Jessica is an author of several books and a frequent conference speaker. Her heart is to see women, families, and children freed from the bondage of moralism and to live in the truth that in the gospel there is joyful freedom awaiting them. Jess has a Bachelor's Degree in Theology and with her mother, Elyse Fitzpatrick, she co-authored the books Give Them Grace and Answering Your Kids' Toughest Questions. She has also written Exploring Grace Together and Everyday Grace: Infusing All Your Relationships With the Love of Jesus. Jess believes the truth that salvation is "naked confidence in the mercy of God." She has been married to her high school sweetheart since 1995. Together they have three teenage children.
Seasons of prolonged suffering have a way of beating your spirit down into the dust. Relational suffering. Physical suffering. Emotional suffering. Financial suffering. All of it can leave you feeling hopeless. We find ourselves looking up at the sky and wondering where He went or if He was ever there to begin with.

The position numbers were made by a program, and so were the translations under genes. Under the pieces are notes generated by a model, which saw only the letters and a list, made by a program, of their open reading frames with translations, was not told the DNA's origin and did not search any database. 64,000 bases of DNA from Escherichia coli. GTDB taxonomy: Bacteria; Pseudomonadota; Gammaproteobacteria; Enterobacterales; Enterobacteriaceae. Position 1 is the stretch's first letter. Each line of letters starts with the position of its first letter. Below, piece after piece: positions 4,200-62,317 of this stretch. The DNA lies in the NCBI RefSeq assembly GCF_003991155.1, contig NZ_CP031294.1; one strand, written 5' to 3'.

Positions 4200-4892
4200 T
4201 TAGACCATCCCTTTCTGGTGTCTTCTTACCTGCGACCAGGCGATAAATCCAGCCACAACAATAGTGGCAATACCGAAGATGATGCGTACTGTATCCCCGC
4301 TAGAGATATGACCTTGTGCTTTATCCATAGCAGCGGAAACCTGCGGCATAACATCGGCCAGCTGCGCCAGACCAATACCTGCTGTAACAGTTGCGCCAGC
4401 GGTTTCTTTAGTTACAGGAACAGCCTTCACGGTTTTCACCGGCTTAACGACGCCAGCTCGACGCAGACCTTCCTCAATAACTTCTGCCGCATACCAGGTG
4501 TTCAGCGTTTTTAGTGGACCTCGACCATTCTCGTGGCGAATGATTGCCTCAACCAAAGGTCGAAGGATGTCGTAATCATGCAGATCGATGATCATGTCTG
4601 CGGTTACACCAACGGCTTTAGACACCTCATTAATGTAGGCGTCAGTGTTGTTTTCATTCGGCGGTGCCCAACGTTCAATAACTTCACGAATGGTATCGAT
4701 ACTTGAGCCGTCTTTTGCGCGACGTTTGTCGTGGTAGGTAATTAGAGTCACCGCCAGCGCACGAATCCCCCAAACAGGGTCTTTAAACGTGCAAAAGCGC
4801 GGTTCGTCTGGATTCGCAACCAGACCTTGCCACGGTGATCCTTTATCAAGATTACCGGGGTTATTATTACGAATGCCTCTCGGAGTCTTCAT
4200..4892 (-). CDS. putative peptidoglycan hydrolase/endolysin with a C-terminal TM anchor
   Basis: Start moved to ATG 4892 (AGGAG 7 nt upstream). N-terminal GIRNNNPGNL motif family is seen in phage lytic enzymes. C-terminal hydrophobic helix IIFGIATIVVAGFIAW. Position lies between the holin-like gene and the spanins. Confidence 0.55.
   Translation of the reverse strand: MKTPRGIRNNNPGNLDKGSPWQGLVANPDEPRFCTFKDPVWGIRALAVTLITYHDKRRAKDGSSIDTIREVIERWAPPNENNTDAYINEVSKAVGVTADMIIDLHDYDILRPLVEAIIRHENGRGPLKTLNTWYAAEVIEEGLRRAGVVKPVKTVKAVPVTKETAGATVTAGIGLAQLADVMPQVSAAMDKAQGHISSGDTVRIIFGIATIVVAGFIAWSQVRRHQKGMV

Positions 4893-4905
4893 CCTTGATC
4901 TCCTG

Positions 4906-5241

God’s children spent 40 years wandering in the wilderness. Imagine the hopelessness. Imagine the frustration. Imagine the seeds of distrust that were blooming into outright trees of anger and pain. “He brought us out of Egypt for this?” Some of us don’t need to imagine this anger, this pain, this sense that maybe God has forgotten or betrayed you.
If you are going to memorize a passage of Scripture, can I suggest these two verses? My guess is you are going to need the good news they deliver every day of your life, multiple times a day. I love the tone that John is taking here, “My little children” is such a sweet term of endearment.
Oh Come, see Him loving you before He was ever even born. (Ephesians 1:3-6) Oh Come, see Him planning our rescue. (Genesis 3:15) Oh Come, see Him being born into brokenness, poverty, and bloodshed. (Matthew 1:18-25) Oh Come, see Him living in utter obscurity as a boy, teenager, man. (Luke 2:52)
The disciples and Christ have just finished their last meal together. The disciples, of course, didn't know this, but Jesus did. As an act displaying his humility and kindness, he kneels before them. Jesus "who, though he was in the form of God, did not count equality with God a thing to be grasped, but emptied himself, by taking the form of a servant,” lays aside his outer garments.
Today I want to give you some good news. It is good news for the relationship failure; for the one who is self-focused; for the one who is impatient with the change in others’ lives but is comfortable with the slow as molasses change in their own.